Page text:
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The Effect of Coronary Risk Factors on Restenosis after Transluminal Coronary Angioplasty and Stenting

Keywords: Angioplasty , transluminal , percutaneous coronary , coronary angiography , coronary disease/etiology/radiography , diabetes mellitus/complications , recurrence , regression analysis , risk factors

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Abstract:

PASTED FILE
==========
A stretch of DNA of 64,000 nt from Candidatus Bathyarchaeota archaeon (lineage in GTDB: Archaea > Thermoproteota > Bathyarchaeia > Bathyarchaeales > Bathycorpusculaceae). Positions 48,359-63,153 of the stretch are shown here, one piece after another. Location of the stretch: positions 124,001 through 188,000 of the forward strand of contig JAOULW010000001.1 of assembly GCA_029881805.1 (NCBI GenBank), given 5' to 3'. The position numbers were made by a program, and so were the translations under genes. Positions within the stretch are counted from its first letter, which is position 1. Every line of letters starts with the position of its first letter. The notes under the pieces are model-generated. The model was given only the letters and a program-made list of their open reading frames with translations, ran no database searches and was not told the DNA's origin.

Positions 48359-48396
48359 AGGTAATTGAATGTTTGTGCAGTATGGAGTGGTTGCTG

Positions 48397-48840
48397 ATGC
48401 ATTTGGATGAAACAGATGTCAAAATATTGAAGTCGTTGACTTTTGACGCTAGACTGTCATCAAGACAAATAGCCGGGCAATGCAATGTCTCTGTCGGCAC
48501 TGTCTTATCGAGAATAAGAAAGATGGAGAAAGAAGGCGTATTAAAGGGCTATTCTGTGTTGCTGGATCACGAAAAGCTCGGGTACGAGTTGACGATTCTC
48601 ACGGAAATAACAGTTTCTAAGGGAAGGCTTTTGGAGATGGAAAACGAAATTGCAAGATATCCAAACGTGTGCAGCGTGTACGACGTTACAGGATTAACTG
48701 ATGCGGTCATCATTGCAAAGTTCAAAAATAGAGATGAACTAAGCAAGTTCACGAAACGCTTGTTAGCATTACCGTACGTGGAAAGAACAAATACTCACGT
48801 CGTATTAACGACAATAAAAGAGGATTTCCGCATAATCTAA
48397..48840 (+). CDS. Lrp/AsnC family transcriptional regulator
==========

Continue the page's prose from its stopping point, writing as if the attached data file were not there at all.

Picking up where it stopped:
Objectives: We investigated the relationship between coronary risk factors (age, gender, smoking, diabetes mellitus, hypertension, family history, and hypercholesterolemia) and the development of restenosis after percutaneous transluminal coronary interventions. Patients and Methods: A total of 162 patients underwent successful percutaneous transluminal coronary angioplasty with or without stenting. Follow-up coronary angiograms were performed in 107 patients (15 females, 92 males; mean age 55.5 years, range 39 to 77 years) after a mean of 184 days. Logistic regression was used for the analysis of the associations between the variables and restenosis. Results: Restenosis was detected in 47 patients (39%). Age, gender, smoking, hypertension, hypercholesterolemia, family history, a history of previous myocardial infarction, ejection fraction, and the degree and location of stenosis were not found as significant variables in the development of restenosis. However, restenosis was significantly correlated with diabetes mellitus (-2 log likelihood 28.28, p=0.0002). The rate of restenosis was significantly lower in the stent group (n=56, 52%) (p<0.01). Conclusion: Diabetes mellitus presents as the most significant risk factor in the development of restenosis after coronary angioplasty and stenting.

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